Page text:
Grab a glimpse of 160 years of military history with our stories and photos. Learn about units that have drilled in the barracks, including the "Timberwolves."
Each stair in this U.S. Army Reserve administration building on the Fort Vancouver National Site carries a message for a boot-clad foot — and the soldier attached to it. Left foot: “I will never accept defeat.” Right foot: “I will never quit.” Left foot: “I will never leave a fallen comrade.” Up it goes to the top.
Opened on Nov. 29, 1880, the Vancouver Barracks Post Exchange Shoppette was the first store of its kind — a haven for servicemen and veterans to shop at deeply discounted prices. Yet the original shop that served as the prototype for the thousands of post exchanges that now exist worldwide may disappear.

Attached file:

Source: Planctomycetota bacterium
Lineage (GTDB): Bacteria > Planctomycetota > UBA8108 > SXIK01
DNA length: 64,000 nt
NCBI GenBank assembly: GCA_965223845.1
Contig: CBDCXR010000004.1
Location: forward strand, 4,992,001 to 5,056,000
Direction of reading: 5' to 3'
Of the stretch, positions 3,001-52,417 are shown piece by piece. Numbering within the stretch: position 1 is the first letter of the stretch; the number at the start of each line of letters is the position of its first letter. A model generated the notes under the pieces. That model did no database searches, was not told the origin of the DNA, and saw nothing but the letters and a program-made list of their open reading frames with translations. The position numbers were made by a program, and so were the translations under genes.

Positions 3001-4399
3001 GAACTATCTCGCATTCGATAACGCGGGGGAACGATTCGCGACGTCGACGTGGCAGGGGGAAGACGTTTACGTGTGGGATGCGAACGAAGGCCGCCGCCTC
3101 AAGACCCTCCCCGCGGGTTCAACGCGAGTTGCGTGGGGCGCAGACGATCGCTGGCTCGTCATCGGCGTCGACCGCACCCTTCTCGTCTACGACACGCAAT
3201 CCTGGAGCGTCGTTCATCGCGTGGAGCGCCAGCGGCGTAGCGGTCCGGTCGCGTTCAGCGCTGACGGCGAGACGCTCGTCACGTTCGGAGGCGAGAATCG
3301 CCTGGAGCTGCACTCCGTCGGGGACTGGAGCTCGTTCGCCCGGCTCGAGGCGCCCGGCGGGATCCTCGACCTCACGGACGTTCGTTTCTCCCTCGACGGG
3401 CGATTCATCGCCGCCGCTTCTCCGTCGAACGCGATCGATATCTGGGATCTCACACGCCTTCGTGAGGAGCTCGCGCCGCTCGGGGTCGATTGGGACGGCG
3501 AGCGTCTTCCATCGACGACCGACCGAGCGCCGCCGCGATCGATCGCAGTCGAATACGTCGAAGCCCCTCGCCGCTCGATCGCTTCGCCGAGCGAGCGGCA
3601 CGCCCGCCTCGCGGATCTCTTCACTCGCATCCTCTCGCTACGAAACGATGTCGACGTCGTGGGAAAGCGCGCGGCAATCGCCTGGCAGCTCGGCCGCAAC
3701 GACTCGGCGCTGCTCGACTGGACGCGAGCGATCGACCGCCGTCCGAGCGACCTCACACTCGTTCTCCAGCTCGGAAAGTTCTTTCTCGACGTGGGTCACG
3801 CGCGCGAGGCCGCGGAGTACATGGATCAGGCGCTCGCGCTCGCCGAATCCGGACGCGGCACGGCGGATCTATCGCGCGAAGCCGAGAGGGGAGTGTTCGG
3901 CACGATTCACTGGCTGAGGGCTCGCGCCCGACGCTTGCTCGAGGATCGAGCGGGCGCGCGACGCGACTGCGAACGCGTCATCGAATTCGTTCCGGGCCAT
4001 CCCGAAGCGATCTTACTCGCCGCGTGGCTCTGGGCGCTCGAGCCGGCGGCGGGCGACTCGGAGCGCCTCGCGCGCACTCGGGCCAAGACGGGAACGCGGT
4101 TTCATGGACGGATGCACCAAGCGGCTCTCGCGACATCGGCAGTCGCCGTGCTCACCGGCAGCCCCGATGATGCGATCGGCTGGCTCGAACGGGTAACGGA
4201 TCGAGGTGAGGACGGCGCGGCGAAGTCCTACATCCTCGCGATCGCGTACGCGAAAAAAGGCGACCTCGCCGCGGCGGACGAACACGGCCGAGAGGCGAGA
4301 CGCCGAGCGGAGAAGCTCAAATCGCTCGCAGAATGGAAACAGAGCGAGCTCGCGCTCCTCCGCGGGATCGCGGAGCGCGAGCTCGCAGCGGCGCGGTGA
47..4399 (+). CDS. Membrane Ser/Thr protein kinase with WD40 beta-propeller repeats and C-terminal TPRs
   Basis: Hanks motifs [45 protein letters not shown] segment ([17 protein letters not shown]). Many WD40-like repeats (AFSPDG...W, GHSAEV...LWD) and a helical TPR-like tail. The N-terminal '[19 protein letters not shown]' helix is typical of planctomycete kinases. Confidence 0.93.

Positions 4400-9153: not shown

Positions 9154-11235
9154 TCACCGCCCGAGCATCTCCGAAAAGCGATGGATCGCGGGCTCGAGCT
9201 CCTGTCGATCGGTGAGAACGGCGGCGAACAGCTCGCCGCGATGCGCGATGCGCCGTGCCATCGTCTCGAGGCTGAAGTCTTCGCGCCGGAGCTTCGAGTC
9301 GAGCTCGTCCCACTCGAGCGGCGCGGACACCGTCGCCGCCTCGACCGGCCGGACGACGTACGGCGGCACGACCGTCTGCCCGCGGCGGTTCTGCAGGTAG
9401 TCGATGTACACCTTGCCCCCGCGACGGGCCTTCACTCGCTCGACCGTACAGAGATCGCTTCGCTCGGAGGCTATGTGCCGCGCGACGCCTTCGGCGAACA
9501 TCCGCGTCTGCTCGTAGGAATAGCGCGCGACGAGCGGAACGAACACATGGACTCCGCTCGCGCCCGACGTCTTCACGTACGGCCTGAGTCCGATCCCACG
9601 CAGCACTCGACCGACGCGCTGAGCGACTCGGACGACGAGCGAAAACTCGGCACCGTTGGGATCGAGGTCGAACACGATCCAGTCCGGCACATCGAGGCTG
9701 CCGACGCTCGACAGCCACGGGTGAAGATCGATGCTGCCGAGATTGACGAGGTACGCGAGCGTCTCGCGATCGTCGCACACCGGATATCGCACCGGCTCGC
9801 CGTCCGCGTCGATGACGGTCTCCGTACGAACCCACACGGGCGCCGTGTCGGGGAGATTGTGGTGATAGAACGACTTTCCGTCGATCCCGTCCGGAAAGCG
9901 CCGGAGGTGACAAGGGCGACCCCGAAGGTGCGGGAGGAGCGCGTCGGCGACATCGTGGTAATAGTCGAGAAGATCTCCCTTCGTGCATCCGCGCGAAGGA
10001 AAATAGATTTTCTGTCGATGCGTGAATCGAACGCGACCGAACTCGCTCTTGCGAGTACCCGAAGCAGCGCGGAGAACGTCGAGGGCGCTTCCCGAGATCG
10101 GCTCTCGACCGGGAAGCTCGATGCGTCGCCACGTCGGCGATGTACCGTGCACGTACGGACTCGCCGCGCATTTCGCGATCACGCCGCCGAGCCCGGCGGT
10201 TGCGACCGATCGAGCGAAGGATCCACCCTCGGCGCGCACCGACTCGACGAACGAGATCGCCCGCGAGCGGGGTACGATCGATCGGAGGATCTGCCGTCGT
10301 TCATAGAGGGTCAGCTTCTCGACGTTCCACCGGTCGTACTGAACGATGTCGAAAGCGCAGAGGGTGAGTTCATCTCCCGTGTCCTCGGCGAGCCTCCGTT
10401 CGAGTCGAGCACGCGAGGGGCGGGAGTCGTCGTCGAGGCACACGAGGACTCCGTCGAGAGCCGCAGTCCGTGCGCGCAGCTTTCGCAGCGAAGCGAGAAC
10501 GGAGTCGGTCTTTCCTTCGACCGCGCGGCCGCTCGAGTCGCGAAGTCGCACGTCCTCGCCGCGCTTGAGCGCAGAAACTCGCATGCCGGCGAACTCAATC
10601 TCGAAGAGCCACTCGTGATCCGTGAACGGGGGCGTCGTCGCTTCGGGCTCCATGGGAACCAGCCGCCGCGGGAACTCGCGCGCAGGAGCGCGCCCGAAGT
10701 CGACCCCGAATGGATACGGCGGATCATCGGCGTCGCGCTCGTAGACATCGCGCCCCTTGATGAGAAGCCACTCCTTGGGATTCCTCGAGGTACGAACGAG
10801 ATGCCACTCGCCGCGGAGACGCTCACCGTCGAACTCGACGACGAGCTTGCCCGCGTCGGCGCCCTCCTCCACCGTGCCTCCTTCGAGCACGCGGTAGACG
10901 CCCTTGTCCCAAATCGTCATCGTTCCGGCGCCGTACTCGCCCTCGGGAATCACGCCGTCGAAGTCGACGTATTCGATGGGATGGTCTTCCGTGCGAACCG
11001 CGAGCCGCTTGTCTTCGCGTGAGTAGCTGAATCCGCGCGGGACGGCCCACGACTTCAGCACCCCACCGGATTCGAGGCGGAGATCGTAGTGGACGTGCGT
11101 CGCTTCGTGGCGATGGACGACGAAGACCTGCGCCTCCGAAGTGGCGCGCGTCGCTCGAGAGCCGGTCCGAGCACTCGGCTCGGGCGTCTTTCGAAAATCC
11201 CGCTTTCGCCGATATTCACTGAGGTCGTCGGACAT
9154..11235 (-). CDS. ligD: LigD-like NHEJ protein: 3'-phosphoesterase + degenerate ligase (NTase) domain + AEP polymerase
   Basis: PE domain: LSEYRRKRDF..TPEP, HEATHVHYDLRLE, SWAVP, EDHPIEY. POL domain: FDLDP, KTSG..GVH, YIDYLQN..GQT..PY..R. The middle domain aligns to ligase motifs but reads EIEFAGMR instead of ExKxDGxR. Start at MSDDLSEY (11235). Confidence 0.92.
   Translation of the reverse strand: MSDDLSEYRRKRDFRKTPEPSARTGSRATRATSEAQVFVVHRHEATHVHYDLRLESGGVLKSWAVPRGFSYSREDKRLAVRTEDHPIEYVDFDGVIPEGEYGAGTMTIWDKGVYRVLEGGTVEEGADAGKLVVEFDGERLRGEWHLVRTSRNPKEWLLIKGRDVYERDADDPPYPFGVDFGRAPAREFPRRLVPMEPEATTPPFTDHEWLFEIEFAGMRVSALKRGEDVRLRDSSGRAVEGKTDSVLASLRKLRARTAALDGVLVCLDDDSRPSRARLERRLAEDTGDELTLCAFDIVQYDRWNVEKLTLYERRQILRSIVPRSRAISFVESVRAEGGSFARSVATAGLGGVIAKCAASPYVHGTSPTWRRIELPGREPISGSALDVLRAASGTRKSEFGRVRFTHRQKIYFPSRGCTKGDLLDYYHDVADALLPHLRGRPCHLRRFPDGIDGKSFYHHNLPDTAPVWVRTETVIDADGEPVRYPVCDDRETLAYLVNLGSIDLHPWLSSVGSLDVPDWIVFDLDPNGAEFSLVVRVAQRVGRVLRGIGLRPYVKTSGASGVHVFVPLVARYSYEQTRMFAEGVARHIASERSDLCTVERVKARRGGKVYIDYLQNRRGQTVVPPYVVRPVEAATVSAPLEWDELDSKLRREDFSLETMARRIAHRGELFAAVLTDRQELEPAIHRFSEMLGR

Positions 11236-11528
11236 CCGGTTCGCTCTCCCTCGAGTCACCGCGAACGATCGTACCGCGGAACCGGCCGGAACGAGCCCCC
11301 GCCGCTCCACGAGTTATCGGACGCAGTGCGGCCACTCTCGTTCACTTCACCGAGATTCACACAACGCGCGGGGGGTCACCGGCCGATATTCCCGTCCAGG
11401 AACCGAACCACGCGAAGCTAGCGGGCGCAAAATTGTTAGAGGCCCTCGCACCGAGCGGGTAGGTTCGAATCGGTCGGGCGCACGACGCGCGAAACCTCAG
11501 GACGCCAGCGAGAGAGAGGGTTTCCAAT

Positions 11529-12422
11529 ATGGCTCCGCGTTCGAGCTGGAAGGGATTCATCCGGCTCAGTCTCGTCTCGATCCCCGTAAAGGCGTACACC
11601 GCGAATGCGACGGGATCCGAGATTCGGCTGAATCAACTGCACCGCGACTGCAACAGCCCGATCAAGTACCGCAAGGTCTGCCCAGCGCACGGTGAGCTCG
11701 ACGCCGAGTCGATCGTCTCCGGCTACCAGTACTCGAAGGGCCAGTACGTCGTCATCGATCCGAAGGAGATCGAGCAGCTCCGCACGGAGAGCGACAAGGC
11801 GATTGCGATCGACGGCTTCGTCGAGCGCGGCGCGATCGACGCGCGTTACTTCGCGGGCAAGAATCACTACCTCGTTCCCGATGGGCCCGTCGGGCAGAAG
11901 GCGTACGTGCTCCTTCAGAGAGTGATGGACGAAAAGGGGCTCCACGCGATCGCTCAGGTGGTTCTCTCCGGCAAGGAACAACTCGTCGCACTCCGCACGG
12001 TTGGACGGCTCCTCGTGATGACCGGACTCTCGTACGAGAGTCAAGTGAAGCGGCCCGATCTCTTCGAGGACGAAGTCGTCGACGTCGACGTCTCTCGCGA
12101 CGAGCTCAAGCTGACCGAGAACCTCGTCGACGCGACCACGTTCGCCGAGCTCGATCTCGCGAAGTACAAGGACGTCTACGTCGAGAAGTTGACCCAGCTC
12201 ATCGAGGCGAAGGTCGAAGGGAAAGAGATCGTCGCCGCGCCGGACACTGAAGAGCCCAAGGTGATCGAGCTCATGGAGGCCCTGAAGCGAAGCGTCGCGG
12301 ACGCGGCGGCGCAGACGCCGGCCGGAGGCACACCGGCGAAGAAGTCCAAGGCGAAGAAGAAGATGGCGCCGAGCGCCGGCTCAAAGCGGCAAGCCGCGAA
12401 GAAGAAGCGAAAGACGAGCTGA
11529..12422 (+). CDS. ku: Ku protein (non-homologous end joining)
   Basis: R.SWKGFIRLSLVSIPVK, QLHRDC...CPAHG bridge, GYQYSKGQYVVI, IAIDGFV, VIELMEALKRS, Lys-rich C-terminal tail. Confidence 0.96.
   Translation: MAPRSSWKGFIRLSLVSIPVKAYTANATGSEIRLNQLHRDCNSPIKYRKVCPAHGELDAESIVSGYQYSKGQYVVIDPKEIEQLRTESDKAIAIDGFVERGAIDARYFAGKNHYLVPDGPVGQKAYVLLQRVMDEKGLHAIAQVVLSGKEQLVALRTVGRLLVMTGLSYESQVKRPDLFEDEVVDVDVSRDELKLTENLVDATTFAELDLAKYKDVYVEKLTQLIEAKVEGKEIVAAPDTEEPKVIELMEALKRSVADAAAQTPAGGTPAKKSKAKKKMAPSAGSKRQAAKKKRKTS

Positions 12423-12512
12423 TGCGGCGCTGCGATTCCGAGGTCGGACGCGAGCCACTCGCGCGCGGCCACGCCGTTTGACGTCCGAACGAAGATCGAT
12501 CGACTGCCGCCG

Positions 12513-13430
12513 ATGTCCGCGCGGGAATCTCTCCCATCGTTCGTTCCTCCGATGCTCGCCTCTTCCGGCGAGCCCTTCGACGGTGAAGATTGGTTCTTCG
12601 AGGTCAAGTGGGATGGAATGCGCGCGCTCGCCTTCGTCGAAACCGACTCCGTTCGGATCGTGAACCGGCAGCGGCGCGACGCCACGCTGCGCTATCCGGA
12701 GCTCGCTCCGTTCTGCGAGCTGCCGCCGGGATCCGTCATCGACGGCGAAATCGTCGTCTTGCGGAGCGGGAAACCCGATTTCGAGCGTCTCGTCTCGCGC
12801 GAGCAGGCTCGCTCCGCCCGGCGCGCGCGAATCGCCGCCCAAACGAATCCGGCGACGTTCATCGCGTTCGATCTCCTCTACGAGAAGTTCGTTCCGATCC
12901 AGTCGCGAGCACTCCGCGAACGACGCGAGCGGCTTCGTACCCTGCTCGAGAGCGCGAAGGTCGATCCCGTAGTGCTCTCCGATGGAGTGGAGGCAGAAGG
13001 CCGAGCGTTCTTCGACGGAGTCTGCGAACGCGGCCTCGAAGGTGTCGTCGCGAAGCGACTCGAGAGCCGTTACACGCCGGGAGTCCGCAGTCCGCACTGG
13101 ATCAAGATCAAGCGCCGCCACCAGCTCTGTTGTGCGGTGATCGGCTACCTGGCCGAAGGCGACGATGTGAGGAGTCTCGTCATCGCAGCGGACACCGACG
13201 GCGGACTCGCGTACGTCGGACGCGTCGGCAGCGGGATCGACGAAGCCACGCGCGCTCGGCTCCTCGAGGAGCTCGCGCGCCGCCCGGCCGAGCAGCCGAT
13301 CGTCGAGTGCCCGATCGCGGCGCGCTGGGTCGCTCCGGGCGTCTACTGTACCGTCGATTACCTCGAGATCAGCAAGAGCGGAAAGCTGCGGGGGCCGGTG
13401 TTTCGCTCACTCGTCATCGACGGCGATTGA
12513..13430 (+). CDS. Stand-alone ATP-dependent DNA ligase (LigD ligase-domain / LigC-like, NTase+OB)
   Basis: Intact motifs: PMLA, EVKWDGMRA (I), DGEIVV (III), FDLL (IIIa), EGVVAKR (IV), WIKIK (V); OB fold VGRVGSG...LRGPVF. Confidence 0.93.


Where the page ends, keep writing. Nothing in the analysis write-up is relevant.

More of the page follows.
The Army Reserve and Washington National Guard occupy 27 buildings in the East and South Barracks. Vancouver Barracks hosts a family resource center for identification cards and family support, a post exchange, and a beauty and barber shop. 1825: Hudson’s Bay Co. builds Fort Vancouver near the Columbia River, laying the foundation for future Vancouver Barracks.
Vancouver Barracks is home to about 850 Army Reservists. By summer 2011, plans call for all soldiers to be out of the barracks. Their missions include training potential soldiers through summer programs; supporting ROTC summer programs; providing drill sergeants for Army Basic Training; training prospective drill sergeants; and training medical professionals for wartime and peacetime duty. The tents you see near Fifth Street are for the medical professionals to train in a field-like environment.